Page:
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Surgery. 2018 Nov 19. pii: S0039-6060(18)30726-8. doi: 10.1016/j.surg.2018.10.014. [Epub ahead of print]

Enhanced readability of discharge summaries decreases provider telephone calls and patient readmissions in the posthospital setting.

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Department of Surgery, Mayo Clinic, Rochester, MN.
Robert D. and Patricia E. Kern Center for the Science of Health Care Delivery, Surgical Outcomes Program, Mayo Clinic, Rochester, MN.
Division of Trauma and Emergency Surgery, The University of Texas Health Science Center at San Antonio, TX.
Department of Surgery, Mayo Clinic, Rochester, MN. Electronic address:



Hospital discharge instructions provide critical information necessary for patients to manage their own care; however, often they are written at a substantially higher readability level than recommended (ie, 6th-grade level) by the American Medical Association and the National Institutes of Health. We hypothesize that improving the reading level of discharge instructions will decrease the number of patient telephone calls and readmissions in the posthospital setting.


We conducted a prospective observational study. Patient discharge instructions were edited and incorporated to enhance the readability level in August 2015. Return telephone call and readmissions of patients admitted before the intervention from August 1, 2014, to January 31, 2015, were compared with the prospective cohort studied from September 1, 2015, to September 30, 2016.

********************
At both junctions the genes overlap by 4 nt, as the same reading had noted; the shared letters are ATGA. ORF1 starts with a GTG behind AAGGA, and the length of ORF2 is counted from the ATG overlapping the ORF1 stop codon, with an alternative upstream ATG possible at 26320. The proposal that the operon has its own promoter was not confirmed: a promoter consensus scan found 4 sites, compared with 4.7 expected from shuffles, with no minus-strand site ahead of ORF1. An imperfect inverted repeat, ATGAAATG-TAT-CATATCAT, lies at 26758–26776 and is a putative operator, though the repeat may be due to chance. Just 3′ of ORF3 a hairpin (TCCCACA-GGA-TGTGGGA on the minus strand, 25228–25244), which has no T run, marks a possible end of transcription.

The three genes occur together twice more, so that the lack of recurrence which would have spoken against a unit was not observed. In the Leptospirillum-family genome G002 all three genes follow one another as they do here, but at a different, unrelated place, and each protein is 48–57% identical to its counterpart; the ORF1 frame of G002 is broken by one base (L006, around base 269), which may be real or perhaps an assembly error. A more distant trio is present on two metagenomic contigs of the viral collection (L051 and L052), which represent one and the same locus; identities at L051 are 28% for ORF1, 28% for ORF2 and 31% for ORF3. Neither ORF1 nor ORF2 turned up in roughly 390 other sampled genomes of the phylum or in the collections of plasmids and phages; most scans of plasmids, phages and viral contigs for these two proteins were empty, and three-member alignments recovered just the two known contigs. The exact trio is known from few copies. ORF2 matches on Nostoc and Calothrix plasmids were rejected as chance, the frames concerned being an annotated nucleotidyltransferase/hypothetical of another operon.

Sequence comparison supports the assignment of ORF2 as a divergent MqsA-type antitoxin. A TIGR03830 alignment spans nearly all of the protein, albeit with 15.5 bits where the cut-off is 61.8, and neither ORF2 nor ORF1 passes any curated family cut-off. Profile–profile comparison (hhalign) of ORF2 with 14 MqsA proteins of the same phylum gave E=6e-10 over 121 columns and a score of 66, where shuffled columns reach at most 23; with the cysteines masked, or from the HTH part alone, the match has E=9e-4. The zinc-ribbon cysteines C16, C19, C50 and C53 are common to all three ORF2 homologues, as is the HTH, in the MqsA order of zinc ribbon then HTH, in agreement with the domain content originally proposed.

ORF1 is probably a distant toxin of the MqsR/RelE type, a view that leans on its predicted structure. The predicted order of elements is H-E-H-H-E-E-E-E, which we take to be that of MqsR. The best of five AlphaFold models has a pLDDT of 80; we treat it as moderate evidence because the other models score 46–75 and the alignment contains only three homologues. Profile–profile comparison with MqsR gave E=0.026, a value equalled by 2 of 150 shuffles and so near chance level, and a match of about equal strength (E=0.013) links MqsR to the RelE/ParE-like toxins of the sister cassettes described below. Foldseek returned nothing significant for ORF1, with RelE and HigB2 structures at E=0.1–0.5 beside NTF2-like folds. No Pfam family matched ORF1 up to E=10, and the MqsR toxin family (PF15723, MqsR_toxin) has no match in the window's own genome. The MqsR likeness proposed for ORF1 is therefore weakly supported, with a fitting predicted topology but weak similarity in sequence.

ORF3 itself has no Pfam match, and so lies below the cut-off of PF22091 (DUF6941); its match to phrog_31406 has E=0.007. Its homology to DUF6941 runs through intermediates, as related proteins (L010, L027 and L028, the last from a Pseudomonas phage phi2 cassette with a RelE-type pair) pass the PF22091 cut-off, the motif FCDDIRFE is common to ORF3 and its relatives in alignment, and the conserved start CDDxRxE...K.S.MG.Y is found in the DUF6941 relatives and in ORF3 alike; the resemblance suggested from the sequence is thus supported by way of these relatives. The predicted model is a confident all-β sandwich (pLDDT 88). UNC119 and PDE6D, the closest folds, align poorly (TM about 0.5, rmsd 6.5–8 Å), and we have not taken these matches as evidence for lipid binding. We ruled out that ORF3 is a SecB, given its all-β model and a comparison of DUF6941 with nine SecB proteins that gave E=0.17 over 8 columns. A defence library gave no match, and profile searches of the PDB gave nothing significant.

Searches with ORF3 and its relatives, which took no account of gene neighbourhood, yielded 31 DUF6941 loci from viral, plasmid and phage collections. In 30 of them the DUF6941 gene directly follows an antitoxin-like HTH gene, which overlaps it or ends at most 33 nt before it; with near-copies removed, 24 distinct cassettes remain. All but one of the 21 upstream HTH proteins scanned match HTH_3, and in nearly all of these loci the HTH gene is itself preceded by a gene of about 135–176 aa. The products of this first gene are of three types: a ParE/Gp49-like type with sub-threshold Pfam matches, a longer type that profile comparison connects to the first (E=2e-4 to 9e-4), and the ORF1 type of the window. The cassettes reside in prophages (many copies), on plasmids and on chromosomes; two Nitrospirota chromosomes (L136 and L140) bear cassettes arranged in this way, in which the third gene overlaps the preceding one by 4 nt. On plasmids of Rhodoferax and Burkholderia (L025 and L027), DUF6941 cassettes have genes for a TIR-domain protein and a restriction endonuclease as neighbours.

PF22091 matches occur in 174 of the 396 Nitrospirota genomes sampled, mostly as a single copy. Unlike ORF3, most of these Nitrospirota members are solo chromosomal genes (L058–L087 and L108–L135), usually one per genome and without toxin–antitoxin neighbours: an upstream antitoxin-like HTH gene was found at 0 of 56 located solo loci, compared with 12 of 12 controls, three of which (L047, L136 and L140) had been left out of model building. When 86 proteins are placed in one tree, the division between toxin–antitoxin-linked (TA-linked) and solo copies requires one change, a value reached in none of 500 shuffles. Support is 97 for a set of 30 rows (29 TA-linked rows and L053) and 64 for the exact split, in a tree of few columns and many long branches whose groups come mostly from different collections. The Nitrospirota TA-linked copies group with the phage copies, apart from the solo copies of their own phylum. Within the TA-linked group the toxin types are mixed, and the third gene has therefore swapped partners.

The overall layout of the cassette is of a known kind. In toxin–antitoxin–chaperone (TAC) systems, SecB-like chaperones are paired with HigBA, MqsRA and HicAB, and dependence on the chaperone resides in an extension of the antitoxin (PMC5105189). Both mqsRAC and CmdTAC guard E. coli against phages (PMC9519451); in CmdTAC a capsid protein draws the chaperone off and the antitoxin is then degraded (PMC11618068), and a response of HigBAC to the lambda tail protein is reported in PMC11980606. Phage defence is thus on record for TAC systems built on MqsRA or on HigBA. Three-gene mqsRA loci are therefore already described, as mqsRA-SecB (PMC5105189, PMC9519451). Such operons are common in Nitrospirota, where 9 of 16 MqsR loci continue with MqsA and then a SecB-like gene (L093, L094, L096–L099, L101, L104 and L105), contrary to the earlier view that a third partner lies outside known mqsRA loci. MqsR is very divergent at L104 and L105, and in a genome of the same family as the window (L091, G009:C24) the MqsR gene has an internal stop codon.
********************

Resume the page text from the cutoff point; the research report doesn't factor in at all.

A total of 1,072 patients were included (preintervention: n = 493, postintervention: n = 579). Patient demographics, injury characteristics, and education level were similar among both groups. The median discharge instruction readability level in the postintervention group was significantly lower (10.0, 95% CI 10.0-10.2 vs 8.6, 95% CI 8.8-8.9; P < .0001). The proportion of patients calling after hospital discharge was significantly reduced after the intervention (21.9% vs 9.0%; P < .0001). Monthly hospital readmissions were decreased by 50% for every 100 patients discharged after the intervention (1.9% vs 0.9%; P = .002). The proportion of patients calling and readmissions for poor pain control significantly decreased after the intervention (7.1% vs 2.59%; P = .0005 and 2.8% vs 1.0%; P = .029, respectively).


Enhanced readability of discharge instructions was associated with a decrease in the number of telephone calls and readmissions in the posthospital setting, enhancing health literacy and simultaneously reducing the burden on providers. Improved patient instructions written to an appropriate level may also allow for better pain control in the posthospital setting.


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